The ABS said the fall in the trade surplus was primarily due to the strong fall in the non-rural goods sector with coal, coke and briquettes exports being the main factor, falling $679 million from November to $5.485 billion.
Falling energy prices aside from coal had the ABS’s other mineral fuels category slicing off $194 million of December’s export dollars in a 9% decline, while the metals component (excluding gold) had the next biggest dive in dollar terms of $134 million, 11% lower than November.
Specifically the ABS said in original terms, metallurgical coal exports decreased 16% for the month with prices down 4% and volumes down 13%.
The bureau said non-agglomerated iron ore exports actually increased 22% in December from a 25% increase in volumes despite a 2% fall in prices.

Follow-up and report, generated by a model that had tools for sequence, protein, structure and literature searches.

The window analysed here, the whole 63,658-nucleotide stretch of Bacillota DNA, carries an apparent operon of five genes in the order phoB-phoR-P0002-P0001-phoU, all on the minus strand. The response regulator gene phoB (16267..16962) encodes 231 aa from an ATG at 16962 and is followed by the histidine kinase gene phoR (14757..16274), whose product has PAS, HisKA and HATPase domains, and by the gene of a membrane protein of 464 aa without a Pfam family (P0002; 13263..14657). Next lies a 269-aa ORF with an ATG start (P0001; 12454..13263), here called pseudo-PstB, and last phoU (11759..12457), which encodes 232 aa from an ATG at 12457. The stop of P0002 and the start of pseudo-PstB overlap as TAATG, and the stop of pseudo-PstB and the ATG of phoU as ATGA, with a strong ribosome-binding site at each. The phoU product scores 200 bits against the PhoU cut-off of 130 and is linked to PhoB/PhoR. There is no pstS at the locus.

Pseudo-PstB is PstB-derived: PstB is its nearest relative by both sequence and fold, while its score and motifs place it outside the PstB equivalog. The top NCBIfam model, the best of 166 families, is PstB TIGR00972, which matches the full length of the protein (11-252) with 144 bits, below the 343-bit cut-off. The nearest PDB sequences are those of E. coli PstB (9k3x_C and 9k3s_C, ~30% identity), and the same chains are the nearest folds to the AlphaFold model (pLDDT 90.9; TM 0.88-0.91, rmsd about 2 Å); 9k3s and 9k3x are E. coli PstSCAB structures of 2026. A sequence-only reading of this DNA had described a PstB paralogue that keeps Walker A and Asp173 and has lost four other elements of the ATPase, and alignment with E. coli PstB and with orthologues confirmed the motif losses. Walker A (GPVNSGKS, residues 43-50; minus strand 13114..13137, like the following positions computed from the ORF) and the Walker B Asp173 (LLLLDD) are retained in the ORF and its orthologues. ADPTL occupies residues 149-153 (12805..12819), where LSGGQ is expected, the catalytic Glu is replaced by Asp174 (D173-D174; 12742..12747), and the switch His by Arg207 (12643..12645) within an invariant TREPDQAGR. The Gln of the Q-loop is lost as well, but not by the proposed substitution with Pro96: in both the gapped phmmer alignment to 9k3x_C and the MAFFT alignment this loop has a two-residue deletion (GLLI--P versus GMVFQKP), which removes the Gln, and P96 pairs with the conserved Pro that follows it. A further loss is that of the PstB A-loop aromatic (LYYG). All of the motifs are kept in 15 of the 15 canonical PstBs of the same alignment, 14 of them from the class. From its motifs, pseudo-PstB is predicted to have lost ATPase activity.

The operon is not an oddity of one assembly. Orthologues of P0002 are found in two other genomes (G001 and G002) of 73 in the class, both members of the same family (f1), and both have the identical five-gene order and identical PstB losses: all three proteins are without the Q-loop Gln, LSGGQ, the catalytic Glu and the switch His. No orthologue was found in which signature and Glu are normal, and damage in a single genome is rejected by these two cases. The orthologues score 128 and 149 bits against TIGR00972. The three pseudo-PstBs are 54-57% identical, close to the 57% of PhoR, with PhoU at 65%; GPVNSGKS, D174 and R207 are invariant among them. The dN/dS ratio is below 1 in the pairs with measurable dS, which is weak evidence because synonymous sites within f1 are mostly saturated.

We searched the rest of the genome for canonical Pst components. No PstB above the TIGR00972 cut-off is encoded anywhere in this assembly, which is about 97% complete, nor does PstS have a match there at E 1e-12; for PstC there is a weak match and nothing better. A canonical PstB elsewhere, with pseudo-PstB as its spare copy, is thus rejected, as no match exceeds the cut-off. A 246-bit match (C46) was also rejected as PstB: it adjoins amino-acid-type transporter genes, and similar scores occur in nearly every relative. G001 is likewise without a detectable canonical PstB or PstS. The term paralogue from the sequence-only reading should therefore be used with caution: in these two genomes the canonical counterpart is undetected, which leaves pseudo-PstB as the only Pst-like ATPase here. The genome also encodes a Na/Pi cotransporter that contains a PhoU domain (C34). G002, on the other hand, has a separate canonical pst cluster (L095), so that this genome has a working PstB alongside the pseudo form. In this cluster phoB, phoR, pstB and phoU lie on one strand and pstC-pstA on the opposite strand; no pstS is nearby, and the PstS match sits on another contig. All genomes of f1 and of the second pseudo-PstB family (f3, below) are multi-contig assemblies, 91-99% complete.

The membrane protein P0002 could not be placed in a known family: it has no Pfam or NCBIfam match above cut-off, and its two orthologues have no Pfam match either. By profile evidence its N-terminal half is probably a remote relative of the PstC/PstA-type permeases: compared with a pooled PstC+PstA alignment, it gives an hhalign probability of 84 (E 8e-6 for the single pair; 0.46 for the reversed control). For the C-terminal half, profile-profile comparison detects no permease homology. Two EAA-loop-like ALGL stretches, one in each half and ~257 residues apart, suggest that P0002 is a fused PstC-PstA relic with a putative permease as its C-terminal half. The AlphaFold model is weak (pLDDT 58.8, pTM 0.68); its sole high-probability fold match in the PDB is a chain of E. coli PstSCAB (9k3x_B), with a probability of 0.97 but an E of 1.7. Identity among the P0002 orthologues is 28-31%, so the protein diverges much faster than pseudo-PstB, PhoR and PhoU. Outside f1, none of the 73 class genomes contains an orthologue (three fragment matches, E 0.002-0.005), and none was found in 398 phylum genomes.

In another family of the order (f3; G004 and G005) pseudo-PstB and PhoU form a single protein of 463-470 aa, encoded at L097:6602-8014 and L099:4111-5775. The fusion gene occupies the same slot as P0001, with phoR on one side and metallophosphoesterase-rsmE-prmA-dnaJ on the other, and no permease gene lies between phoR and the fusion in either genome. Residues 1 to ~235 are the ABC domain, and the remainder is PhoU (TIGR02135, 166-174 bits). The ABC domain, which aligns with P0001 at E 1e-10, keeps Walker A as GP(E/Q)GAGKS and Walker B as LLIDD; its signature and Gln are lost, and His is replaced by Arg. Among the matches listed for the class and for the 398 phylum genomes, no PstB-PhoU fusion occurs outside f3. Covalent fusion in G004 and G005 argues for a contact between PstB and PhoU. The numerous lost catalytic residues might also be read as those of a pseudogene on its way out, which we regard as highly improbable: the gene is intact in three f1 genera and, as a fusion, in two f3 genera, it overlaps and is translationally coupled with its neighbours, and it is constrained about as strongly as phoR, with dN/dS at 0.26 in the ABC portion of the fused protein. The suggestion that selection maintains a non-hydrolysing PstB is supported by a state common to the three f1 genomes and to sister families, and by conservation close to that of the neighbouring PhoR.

Coal represented some 26% of Australia’s export dollars for December while metal ores and minerals accounted for 20.84%.
With the new Japanese financial year approaching in April, various analysts have forecast coking coal contract prices to fall as much as 60% and thermal coal to fall as much as 40%.
Meanwhile, ANZ economist Alex Joiner told Australian Associated Press Australia’s trade balance could return to a deficit in possibly two or three months from the reduced demand in commodity exports.
The ABS noted increases in other non-rural sectors and in transport equipment exports partly offset the December fall in the trade surplus.